William Wharton Cassels (1877), missionary and member of the 'Cambridge Seven'.

Donald Coggan (1928), Archbishop of Canterbury.

Donald Coggan
Frederick Donald Coggan (by June Mendoza)

Peter Carnley (1968), Archbishop of Perth.

Bernard Ntahoturi (1973), Archbishop of Burundi.

Sciences and mathematics

John Dee (1542), mathematician, astrologer and antiquary.

William Gilbert (1558), natural philosopher. Discoverer of the Earth's magnetic field.

Brook Taylor (1701), mathematician.

William Heberden (1724), physician.

Heberden and Darwin
William Heberden (by William Beechey) and Erasmus Darwin (by Joseph Wright of Derby)

Erasmus Darwin (1750), physician and natural philosopher.

William Gregor (1780), mineralogist. Discoverer of titanium.

Sir John Herschel (1808), mathematician and astronomer. Royal Medal winner

John Herschel
Sir John Frederick William Herschel, c. 1870 (photograph by Julia Margaret Cameron)

John Stevens Henslow (1813), botanist and Church of England clergyman.

James Joseph Sylvester (1831), mathematician. Royal Medal winner

John Couch Adams (1839), astronomer. Discoverer of the planet Neptune. Find out more

Richard Proctor (1856), astronomer and science writer.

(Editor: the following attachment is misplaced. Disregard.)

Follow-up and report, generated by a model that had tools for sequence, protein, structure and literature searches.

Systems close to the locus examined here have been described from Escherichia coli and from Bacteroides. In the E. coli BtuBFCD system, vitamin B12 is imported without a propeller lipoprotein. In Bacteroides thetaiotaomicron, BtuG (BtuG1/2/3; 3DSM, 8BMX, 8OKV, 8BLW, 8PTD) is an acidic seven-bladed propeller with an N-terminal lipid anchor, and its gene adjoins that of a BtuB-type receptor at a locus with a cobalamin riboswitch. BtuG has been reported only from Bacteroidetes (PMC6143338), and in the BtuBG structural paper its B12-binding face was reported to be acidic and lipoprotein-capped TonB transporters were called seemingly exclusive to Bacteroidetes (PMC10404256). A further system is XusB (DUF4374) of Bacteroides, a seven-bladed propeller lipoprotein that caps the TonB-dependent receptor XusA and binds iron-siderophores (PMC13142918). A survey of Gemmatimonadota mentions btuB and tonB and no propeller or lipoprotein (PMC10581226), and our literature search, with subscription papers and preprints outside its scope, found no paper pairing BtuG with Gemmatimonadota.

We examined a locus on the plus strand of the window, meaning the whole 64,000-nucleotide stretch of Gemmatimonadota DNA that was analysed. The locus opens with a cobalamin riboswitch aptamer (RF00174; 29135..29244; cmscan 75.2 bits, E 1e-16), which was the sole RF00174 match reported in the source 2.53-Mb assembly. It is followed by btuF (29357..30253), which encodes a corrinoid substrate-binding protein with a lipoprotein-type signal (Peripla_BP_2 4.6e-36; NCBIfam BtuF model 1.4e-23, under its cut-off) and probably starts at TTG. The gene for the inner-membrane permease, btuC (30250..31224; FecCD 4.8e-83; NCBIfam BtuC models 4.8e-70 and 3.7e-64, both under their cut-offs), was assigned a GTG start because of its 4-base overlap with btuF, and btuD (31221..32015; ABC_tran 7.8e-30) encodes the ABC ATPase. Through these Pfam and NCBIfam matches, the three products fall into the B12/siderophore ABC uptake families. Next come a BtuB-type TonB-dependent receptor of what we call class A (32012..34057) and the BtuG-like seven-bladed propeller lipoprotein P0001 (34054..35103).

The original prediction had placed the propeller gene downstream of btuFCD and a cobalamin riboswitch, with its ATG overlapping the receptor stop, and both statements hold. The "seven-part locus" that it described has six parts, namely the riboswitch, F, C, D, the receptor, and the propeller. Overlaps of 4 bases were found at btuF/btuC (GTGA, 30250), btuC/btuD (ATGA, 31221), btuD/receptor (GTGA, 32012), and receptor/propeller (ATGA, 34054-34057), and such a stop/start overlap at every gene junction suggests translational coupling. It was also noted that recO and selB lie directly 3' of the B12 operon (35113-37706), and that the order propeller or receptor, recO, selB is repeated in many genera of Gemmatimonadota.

Baron Kikuchi Dairoku (1873), mathematician and Japanese education administrator.

Sir Charles Parsons (1873), engineer. Inventor of the steam turbine engine.

Sir Joseph Larmor (1876), theoretical physicist. Royal Medal winner

Sir (John) Ambrose Fleming (1877), electrical engineer and university teacher.

William Bateson (1879), biologist. Royal Medal winner

Sir Harold Jeffreys (1910), geophysicist. Royal Medal winner

Harold Jeffreys
Sir Harold Jeffreys (by ZsuZsi Roboz)

Sir Edward Appleton (1911), physicist. Nobel Laureate and Royal Medal winner

Sir Frederic Bartlett (1912), psychologist.

Douglas Hartree (1915), mathematician and theoretical physicist.

Sir John Cockcroft (1922), physicist and engineer. Nobel Laureate and Royal Medal winner

Sir Charles Oatley (1922), electrical engineer. Royal Medal winner

Paul Dirac (1923), theoretical physicist. Nobel Laureate and Royal Medal winner

Sir Nevill Mott (1924), theoretical physicist. Nobel Laureate

John Tuzo Wilson (1930), geophysicist and geologist.

Sir Maurice Wilkes (1931), mathematician and computer technologist. Inventor of the first stored program digital computer.